Museum Artefacts? Or Loot Hidden in Plain Sight?

Mauragh Scott explores the controversial issue of museum loot. Specifically, the article critiques the British Museum, in London, for its continuation of colonial interpretations around the artefacts it has on display. Countries and representatives of cultures to whom artefacts belong argue that it is the museums’ responsibility to repatriate artefacts back to the cultures that they were stolen from and move forward together to teach a decolonised history of the past.

The myth of German history consciousness

By Katharina Schmitz. On Yom Kippur, a right extremist terrorist shot two people when attempting to storm a synagogue. Luckily, its doors had been locked and its CCTV was recording. Such security measures illustrate the high level of anti-Semitism in Germany. Only a few weeks later, the radical right-wing party ‘AfD’ (Alternative for Germany) gained … More

A Review of Pitts’ Boundaries of the International: Law and Empire

By Oskari Mantere. Almost by definition, international law is universal. This belief seems nearly tautological, thus true to the point that it is almost silly. Of course, international law is universal; otherwise, it would not be truly an international law. This self-indulgent and unreflective belief is merely a false historical narrative. The fact is that … More

Moyn, S. (2018), Not Enough: Human Rights in an Unequal World

By Oskari Mantere. When historians became interested in the history of human rights in the 1990s and early 2000s, they traced their history either to ancient philosophies, the Christian natural law, the Age of Enlightenment, or the horrors of the gas chambers. It was the revisionist argument that modern human rights had their origins in … More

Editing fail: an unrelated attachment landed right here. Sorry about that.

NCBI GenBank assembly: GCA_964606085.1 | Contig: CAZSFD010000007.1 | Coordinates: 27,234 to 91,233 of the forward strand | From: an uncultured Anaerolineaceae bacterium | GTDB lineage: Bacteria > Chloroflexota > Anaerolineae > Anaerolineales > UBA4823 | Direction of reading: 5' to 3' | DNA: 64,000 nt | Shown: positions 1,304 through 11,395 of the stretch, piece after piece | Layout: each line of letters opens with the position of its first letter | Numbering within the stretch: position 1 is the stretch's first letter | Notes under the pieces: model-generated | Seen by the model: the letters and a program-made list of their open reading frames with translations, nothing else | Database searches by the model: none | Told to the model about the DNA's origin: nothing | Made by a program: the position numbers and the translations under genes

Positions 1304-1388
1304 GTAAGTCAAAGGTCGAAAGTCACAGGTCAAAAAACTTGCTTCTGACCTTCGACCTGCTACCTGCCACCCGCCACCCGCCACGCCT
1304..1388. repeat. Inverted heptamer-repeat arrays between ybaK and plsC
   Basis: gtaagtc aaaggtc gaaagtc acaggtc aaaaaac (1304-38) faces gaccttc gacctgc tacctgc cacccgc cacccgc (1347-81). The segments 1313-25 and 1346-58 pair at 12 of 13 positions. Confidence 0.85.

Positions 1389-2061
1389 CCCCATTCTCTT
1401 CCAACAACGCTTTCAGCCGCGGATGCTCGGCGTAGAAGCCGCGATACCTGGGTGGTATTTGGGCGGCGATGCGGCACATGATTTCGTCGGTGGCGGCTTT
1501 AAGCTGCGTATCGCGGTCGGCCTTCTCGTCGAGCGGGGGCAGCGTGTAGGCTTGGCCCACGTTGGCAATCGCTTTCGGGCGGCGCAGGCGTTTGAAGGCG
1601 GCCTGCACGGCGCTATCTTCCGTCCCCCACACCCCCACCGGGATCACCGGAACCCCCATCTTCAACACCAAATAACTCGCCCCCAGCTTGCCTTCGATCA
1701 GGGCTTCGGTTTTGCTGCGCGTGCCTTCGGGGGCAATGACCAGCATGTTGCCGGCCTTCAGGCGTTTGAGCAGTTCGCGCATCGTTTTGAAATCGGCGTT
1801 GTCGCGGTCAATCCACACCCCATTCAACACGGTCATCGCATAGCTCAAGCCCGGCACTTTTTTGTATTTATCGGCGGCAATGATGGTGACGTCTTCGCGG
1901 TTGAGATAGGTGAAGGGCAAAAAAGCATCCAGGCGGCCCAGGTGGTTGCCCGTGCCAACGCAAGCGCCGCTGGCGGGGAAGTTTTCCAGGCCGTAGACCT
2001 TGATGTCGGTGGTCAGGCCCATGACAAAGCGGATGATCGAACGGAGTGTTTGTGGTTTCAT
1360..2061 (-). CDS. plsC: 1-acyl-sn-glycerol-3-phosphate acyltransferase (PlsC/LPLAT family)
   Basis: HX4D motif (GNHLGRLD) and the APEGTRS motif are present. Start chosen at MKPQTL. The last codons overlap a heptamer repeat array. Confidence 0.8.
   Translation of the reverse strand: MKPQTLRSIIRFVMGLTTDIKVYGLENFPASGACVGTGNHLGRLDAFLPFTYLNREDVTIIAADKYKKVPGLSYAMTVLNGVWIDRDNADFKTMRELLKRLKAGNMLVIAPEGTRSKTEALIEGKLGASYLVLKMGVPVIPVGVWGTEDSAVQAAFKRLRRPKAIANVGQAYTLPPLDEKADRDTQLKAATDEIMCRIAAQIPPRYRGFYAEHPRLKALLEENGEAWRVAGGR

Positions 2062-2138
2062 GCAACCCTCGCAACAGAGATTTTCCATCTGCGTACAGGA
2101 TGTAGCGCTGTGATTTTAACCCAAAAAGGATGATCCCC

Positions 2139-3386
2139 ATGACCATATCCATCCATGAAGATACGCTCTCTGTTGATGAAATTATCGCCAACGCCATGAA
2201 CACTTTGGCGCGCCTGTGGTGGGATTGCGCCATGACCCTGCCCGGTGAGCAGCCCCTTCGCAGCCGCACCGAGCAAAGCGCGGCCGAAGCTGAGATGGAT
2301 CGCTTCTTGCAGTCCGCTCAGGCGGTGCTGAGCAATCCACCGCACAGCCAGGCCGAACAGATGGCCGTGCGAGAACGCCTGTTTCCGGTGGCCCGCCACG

Do Fathers’ Rights Movements Undermine Domestic Violence’s Victims’ Claims?

By Anastasia Roscia. Fathers’ rights movements are political and social groups of activists that declare themselves to be defenders of gender equality for men, especially in matters such as financial support and child custody after divorce and separation. They are a truly international movement and can be found under different names and associations in many … More

The US College Scandal, The UK “Class” Ceiling, & The Meritocracy Ideal

By Anastasia Roscia. Last month, the biggest US college scandal to date led the FBI to accuse famous Hollywood actresses, CEOs of law firms and prominent business leaders of paying thousands of dollars to help their children get into competitive elite universities. There were a variety of unlawful methods used, including bribing coaches working at … More

International Broadcasting: Public Diplomacy or Propaganda?

By Berit Braun. Flipping through the channels available on my hotel TV, I stumbled not only onto Portuguese soap operas and Italian talent shows but also onto a channel that left me confused: On France24, an obviously not-French presenter discussed the current situation in Libya in heavily Irish-accented English. The next channel, Deutsche Welle, left … More

Crimea Five Years On: What has Russia Gained?

By Hans Nasman. Just over five years ago, Russia shocked the international community by annexing the Crimean Peninsula. This move set the stage for a further, ongoing crisis in Ukraine in which Crimea came under Russian control and two widely unrecognised people’s republics in eastern Ukraine were formed. No end is in sight to this … More

We Need to Talk about Gendered Violence in Films

By a guest writer. Films have never been more accessible. Services such as Netflix, Amazon Prime, HBO, and Hulu are limitless. We are no longer restricted to Blockbuster’s three movies weekend offer; instead, we have endless options. But the accessibility of films means violence becomes an everyday encounter. Yet, rarely do we connect these things … More